UPDATE 1-Mexico July inflation rises in-line with forecasts

 (Recasts with details on consumer prices)
    MEXICO CITY, Aug 9 (Reuters) - Mexican inflation rose in
July to its highest level since March, ticking up for a second
month in a row, driven by volatile gasoline and tomato prices,
official data showed on Thursday.
     Mexican consumer prices rose 4.81 percent in the year
through July, the national statistics agency said, compared with
a 4.80 percent rate projected in a Reuters poll and the highest
since a 5.04 percent rate in March. 
    Earlier this year, inflation had been falling back from a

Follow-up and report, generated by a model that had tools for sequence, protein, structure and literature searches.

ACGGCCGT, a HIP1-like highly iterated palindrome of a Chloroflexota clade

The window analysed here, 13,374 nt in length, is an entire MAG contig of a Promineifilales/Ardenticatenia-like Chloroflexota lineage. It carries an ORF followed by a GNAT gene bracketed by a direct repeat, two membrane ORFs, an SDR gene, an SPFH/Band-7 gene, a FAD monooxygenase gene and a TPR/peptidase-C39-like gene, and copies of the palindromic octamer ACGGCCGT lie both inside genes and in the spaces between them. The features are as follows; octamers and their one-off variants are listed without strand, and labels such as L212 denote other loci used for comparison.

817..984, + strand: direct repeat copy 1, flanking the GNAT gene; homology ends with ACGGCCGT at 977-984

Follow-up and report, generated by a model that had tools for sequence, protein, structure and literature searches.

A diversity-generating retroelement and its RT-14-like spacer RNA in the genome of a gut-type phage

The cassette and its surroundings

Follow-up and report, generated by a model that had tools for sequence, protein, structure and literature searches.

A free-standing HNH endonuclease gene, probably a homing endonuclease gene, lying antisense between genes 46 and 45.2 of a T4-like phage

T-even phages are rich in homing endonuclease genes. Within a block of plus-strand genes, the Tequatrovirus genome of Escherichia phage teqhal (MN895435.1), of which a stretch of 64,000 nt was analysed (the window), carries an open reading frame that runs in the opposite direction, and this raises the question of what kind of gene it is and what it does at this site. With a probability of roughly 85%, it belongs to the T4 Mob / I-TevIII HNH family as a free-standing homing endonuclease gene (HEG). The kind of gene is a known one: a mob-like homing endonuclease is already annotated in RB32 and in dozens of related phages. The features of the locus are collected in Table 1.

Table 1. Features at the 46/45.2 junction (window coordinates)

16-1/2-year high hit at the end of 2017, but the monthly rate
has ticked up for two months in a row.
    Mexico's central bank held its benchmark interest rate
steady at an over nine-year high of 7.75 percent last week.
Policymakers said gasoline prices would have a transitory impact
and that core inflation would keep falling.             
    Most economists expect the next move by the central bank
will be to cut rates, with the median of a Banamex poll this
week predicting a cut in April next year.  
     Consumer prices              rose 0.54 percent in July,
according to non-seasonally adjusted figures. Higher gasoline
prices weighed the most, followed by rising tomato prices.  
    The core index, which strips out some volatile food and
energy prices, rose 0.29 percent during the month             .

 (Reporting by Michael O'Boyle and Sharay Angulo; editing by
Jonathan Oatis)